Written by Athletics Australia

 

Oregon, USA; July 18, 2022 –  Three top-10 finishes headlined the Australian action on Day 4 of the World Athletics Championships, as high jumper Joel Baden, and middle distance stars Jessica Hull and Georgia Griffith took their marks at Hayward Field.

Former Oregon Duck Jessica Hull continued her progression in the Women’s 1500m final, stepping up from her 11th placing in Tokyo to finish seventh in the world, as compatriot Griffith followed two places behind in her first major championships final.

In what was the 10th fastest ever Women’s 1500m race and the second fastest at a World Athletics Championships, Hull and Griffith started in the second widest lane, and found themselves in the middle of the pack after the first 200m.

Though off to a good start, the Australians were quickly outpaced, as Olympic gold medallist and now two-time world champion Faith Kipyegon (KEN), Great Britain’s Laura Muir and Ethopian racers Gudaf Tsegay and Freweyni Hailu sped forward to separate themselves from the field by more than 100m.

While the Australian duo tried to lean on their strategic racing skills they’ve both become known for, the pair knew early on that it would become a race for fourth place. Kipyegon claimed gold in 3:52.96, while Tsegay and Muir swapped their Tokyo positions to win silver and bronze respectively.

“I thought it would be fast but they went out so quickly, it immediately became two races. My goal going in was to go with it but being a realist, I can’t go out that quickly. It was as if the 1500m became the 800m, and I don’t even know how to go back to the drawing board to work on that,” Hull said.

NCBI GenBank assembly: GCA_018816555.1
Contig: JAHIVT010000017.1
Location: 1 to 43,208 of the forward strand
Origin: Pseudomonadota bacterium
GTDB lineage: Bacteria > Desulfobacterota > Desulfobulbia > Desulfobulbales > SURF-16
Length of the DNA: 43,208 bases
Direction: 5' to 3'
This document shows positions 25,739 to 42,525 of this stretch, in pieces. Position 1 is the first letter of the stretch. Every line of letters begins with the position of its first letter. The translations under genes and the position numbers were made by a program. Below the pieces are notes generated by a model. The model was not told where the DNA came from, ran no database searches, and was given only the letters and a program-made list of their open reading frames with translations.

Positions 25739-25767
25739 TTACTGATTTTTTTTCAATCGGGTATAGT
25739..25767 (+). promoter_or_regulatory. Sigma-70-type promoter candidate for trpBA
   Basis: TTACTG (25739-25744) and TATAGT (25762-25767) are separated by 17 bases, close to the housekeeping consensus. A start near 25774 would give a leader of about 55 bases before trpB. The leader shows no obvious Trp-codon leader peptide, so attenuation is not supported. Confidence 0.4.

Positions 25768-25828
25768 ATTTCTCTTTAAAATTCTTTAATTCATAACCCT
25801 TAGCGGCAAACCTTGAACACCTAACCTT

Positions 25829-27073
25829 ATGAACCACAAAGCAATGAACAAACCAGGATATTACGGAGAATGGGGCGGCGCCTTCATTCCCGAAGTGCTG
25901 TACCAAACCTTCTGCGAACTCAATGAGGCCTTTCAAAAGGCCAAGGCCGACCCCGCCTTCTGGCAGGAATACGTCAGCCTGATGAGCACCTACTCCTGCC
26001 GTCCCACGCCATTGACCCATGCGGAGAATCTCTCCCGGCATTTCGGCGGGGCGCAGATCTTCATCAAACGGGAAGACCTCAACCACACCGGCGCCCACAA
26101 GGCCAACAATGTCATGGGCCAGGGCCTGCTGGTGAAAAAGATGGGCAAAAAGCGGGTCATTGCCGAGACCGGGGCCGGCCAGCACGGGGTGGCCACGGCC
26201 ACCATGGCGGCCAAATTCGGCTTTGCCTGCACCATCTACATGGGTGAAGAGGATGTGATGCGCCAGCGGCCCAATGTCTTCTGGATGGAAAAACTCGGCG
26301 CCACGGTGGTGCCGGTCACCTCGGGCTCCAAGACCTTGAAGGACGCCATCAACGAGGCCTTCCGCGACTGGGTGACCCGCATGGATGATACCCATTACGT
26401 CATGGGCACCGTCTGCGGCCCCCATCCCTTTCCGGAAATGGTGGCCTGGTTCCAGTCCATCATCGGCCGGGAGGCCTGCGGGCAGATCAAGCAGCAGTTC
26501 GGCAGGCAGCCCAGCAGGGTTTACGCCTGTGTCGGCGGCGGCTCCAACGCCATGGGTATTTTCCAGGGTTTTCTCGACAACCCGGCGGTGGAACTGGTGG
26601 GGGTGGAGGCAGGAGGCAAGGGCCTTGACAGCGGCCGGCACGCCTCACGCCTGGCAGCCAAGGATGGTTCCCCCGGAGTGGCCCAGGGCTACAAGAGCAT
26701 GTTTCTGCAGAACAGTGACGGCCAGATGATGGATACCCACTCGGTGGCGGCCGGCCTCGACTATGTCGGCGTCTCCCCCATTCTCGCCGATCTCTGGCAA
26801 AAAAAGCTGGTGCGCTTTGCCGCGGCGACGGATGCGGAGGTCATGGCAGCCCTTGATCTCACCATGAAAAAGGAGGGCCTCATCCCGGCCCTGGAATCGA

“But despite that, 7th place here at Hayward Field is a big step up from Tokyo where I was off at the back at the bell lap, but here I was amongst the top 8 at the bell.”

Hull, who crossed the line in 4:01.82 equalled the best placing by an Australian in a Women’s 1500m final at a World Athletics Championships alongside fellow Oregon Duck Zoe Buckman.

Ninth in the world, Georgia Griffith finished her campaign clocking 4:03.26 – the second fastest time the Victorian has ever produced. While Griffith has come up against some of the big names within the field over the season, she admits she was taken aback by the pace of the race as she tried to hold on.

 

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“The race was so quick, and the pack separated out from 100m. I tried to hold on but when you see the others out in front of you, you get swept up on it and you end up not thinking too much about your own race,” Griffith said of her experience.

“I expected it was going to be a quick race, but it was hard to stay in the mix.”

High jumper Joel Baden relished the chance to compete at his first global championships final, finishing in tenth place with a clearance of 2.27m. Comfortably sailing over the opening height of 2.19m, Baden took two attempts to clear his following heights of 2.24m and 2.27m before bowing out of the competition.

 

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Qatar’s Mutaz Essa Barshim clinched the world title with a series of six perfect clearances, with his final clearance of 2.37m putting him in world lead position.  Though 10cm shorter, Baden’s final clearance was the sixth highest height of the night, with the Australian placing tenth on countback.

“I’m super proud of myself to do what I did. I made my final jump in the qualifying round a season’s best and then once in the final, I did about as well as I realistically expected. I was comfortable and it felt like I belonged,” Baden said.

“I feel like I’ve only given the world a taste of what I can do and when I’m in better form hopefully I can show them what I can do next year.”

Australia’s sole marathoner at the World Athletics Championships Sarah Klein musted up an enormous effort to finish in 14th place in the women’s 42.2km run this morning.

 

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Ranked 90th in the world as she toed the line outside Autzen Stadium, Klein sifted through the field of 41 in the back half of the race, to finish with a new personal best of 2:30:10.

“It was so good out there. We had a pack to start with for the first two laps, which was really good and then it broke up a little bit in the third lap. We tried to keep in touch with the girls out the front and then when it split out a little bit, I tried to keep my running going, kept the rhythm going and just fought it out until the end. I was definitely ready to stop.”